Have you ever seen something so beautiful you instantly fell in love? Only to have the cold harsh reality of life come crashing down upon you later when you realize it was all too good to be true? Crossing Souls tickled all my fancies: unique fun art mixed with a solid premise: you are a group of RAD TEENS in the 80s that have found an object capable of harnessing UNTOLD POWER and CONTACTING the DEAD. Now there’s some evil government officials who are going to wreck you for this power, cue adventure.
Devolver Digital published Crossing Souls in 2017 and my experience playing is on the Nintendo Switch. I’m a pretty big fan of most of their games, but after a certain point Crossing Souls did hit a point that I seem to find in a bunch of Devolver games: where challenging became frustrating and it just wasn’t worth it any more.
I would never want anyone to assume I didn’t like Crossing Souls, I loved Crossing Souls, and I would really recommend it to anyone who’s a fan of adventure games or is already a Devolver Digital fan. Lets bust this shit up.
Crossing Souls is gorgeous. It has awesome pixel art and fun designs all over the place, the gameplay element of switching kids to have access to different abilities means gameplay stays fresh. I personally really like how the characters have different health bars, it adds an additional “puzzle” in the form of health management and healing item distribution.
You also have the added gameplay element of a device that when activated lets you see the souls of the dead, it adds some fun color throughout the game in the form of old ghosts in modern settings but at a certain point the question becomes “why would I ever turn off the device that lets me see the dead???” . I also have a personal bias in my love of this game’s aesthetics as I’m a sucker for 80s vibes.
I really struggled with what to say about game play. Because most of the time in this game gameplay is really fun! But for me it still has too many parts that fall on the “frustrating” side of the difficult/frustrating scale.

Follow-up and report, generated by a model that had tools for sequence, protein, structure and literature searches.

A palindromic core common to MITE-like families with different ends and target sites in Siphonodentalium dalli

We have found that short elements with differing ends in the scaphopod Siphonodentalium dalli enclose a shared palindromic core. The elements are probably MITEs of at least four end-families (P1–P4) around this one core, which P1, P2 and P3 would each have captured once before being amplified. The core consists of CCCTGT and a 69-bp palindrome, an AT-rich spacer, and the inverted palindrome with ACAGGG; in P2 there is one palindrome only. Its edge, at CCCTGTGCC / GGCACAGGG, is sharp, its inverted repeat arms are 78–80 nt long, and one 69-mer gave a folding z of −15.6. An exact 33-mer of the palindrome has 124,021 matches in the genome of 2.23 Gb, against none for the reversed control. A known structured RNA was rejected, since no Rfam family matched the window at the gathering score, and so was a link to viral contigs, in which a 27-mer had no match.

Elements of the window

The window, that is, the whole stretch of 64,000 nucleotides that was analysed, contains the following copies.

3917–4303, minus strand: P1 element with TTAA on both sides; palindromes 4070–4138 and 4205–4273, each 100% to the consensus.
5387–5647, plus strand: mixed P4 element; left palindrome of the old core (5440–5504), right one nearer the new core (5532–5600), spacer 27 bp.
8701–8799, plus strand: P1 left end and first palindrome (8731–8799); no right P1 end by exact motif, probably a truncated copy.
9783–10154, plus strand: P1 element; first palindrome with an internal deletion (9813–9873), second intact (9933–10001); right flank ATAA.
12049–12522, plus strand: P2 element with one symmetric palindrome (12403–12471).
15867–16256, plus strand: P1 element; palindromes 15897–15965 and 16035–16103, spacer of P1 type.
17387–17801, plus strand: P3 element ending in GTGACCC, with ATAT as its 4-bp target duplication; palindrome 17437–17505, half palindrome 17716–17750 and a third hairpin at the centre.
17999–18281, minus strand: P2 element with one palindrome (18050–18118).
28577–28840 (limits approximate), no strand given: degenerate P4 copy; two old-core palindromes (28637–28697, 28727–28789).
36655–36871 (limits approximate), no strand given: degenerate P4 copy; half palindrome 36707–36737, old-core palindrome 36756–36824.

The beautiful graphics can make platform decisions more difficult than they need to be and occasionally the game will interject different gameplay styles in what could be an attempt to keep things fresh but ends up either falling flat (in the case of a button mashing mini-game) to being a frustrating and un-suited roadblock (a bullet hell flyer section?!) At one point there’s even an old-school style password puzzle where no – the hints aren’t added to a notebook, you’ve got to bust out some pen and paper.
Usually I would encourage gameplay style changes as they keep everything fresh, but the way that these are implemented just doesn’t quite make the cut. These frustrations aren’t always present but in a linear story based game like this one becoming too frustrated to continue means basically losing the value of the game.
Boss fights at their best are a accumulation of all the skills gained through the game put together and with a twist to test you, while the major bosses or challenges of this game always just seem to be a random new function with no ties the the skills you’ve already gained.
Overall I actually would say this game as worth a purchase for me. Between the cool graphics and the (mostly) fun gameplay I got my money’s worth out this one. The devil for this was not in the details, the details were amazing. Different characters will comment differently on scenery, the arts is gorgeous, and the setting and tone is a excellent mish-mash of 80s colorful and classic horror creepy. The story is a bit hokey but fun if you like extra cheese on everything and the characters are at their worst pretty basic and at their best pretty fun. I played the game, had a great time, loved what I was looking at and then didn’t finish because it just wasn’t worth it.